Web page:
Launching a New Activity

As mentioned, an activity is the class that represents a screen displayed to the user. For an application that needs to navigate across multiple screens, multiple activity classes are required. So to enable a new screen, you start by adding a new Java class to the project, giving it its own layout and logic. Next, you must register the activity class in the manifest file, as shown in Listing 2.



    
    
    
    
    
        
        
        
        
    
    
    

The sample manifest requests two permissions and defines the FeedHunterActivity class as the primary activity—the startup activity—and RssFeedListActivity as a secondary activity launched only programmatically. Here's the code you need to launch an activity—for example, you can call the code in response to a click or a touch gesture.

private void goGetFeed() {
    Intent i = new Intent(this, RssFeedListActivity.class);
    startActivity(i);
    }

In Android, an intent is the description of an operation to be performed. The most significant of these actions is the launch of a new activity. The startActivity method defined on the Activity base class gets the intent that wraps up the type of the activity to launch and launches it. Activities are placed one on top of the other in a system-managed stack that users navigate through using the Back button. Activities in the stack are never rearranged, only pushed and popped from the stack as navigation occurs.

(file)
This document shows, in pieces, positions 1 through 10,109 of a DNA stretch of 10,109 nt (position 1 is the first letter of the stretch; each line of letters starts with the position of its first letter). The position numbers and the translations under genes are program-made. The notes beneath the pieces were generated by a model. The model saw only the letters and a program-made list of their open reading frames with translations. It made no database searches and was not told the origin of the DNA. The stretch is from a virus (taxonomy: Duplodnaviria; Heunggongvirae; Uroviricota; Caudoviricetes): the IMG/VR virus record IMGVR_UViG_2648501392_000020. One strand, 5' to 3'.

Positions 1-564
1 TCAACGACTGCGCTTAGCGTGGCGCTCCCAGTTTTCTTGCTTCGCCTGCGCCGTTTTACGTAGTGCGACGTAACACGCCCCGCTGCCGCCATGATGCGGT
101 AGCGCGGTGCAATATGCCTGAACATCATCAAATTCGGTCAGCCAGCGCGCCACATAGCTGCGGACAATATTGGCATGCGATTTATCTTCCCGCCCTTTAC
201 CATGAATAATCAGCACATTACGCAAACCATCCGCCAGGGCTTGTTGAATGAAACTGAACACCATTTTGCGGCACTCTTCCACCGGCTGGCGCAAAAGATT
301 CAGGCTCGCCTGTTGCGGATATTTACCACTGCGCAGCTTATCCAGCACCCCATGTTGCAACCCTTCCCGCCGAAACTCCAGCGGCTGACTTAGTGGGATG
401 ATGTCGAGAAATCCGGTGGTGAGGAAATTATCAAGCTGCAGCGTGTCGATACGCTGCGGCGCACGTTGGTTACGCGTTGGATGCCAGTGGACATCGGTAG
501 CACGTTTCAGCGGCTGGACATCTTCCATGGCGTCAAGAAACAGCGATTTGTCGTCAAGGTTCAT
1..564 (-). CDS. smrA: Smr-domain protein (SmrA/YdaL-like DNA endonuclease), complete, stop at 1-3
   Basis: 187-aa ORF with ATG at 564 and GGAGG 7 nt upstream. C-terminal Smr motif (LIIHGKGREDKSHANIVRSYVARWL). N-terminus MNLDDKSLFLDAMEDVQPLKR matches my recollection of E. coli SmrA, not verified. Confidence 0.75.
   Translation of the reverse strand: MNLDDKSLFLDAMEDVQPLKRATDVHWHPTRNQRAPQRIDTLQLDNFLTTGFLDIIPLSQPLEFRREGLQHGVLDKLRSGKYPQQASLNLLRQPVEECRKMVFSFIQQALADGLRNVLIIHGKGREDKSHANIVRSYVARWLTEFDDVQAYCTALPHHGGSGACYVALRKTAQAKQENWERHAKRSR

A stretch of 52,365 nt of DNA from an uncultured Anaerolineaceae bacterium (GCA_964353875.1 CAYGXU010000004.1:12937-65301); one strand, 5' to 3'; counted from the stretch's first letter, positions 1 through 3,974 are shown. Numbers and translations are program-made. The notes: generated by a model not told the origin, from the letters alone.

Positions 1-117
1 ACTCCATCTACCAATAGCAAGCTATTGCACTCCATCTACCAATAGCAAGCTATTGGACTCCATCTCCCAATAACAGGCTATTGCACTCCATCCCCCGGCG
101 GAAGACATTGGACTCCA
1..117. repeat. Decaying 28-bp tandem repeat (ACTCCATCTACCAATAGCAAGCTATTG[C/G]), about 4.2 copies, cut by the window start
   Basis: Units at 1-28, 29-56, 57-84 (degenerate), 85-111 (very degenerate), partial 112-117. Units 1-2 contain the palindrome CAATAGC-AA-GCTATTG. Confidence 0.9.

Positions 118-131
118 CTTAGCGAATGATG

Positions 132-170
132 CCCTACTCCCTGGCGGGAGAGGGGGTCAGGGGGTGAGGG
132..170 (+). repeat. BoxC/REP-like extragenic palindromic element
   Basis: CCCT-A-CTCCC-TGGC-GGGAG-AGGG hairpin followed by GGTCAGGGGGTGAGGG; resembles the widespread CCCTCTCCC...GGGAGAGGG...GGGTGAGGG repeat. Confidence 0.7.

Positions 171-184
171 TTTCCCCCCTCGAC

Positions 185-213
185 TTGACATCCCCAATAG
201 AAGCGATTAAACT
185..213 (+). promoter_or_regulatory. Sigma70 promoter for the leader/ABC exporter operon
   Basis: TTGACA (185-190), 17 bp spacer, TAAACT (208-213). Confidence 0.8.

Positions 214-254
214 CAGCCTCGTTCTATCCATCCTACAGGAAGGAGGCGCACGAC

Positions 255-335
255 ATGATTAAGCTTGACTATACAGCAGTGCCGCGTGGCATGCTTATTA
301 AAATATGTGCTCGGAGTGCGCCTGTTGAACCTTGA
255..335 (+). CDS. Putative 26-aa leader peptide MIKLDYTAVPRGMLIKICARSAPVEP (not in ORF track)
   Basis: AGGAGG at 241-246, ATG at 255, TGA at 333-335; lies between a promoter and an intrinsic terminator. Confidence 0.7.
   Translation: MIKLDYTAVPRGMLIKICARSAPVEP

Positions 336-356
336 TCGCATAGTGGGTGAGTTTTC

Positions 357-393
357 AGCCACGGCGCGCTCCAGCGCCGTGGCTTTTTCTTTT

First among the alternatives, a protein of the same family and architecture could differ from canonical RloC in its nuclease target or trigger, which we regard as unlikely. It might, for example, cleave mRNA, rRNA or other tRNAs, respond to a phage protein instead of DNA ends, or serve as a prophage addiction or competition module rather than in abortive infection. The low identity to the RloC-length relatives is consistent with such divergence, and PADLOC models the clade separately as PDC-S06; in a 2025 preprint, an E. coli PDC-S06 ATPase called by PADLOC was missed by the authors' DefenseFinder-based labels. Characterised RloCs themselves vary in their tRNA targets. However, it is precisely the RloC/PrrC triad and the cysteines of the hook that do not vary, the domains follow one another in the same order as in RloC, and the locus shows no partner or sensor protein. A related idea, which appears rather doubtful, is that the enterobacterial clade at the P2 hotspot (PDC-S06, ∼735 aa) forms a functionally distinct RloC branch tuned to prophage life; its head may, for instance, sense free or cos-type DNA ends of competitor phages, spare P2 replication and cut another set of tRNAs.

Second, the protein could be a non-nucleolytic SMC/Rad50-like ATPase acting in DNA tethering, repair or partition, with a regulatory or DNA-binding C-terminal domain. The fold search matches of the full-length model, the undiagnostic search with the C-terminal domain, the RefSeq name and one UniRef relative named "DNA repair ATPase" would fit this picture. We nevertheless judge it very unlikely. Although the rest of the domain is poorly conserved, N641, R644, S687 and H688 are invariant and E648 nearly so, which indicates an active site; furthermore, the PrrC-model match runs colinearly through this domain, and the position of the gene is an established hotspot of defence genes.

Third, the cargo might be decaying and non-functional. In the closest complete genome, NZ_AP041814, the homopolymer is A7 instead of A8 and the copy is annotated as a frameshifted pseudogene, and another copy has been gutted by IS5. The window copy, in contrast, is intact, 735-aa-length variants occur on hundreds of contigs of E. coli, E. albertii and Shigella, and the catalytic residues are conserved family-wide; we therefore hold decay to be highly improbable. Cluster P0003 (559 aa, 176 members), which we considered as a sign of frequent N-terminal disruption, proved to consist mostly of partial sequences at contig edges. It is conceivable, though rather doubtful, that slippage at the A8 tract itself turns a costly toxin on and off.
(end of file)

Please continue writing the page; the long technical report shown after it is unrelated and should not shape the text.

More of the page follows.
When you start a new activity using the startActivity method, the operation takes the form of a fire-and-forget action. If you want the original activity to receive data back from the spawned activity, then you use the startActivityForResult method instead. In this case, to receive data back from the launched activity, you have to override the method onActivityResult, as follows:

@Override
public void onActivityResult(int requestCode, int resultCode, Intent intent) {
   :
}

The data exchange takes place through the putExtra and getExtras methods of the Intent object. Methods operate on a dictionary, and the new activity stores data that the original will read back.

The Bottom Line

I hope you've seen from the example app we've covered here that the basic facts of Android programming are not hard to understand and apply. For .NET developers, mapping aspects of Android to known subjects is relatively easy. Such knowledge won't turn a novice Android developer into an expert right away, but at least it puts you in a good position to jump into developing Android apps.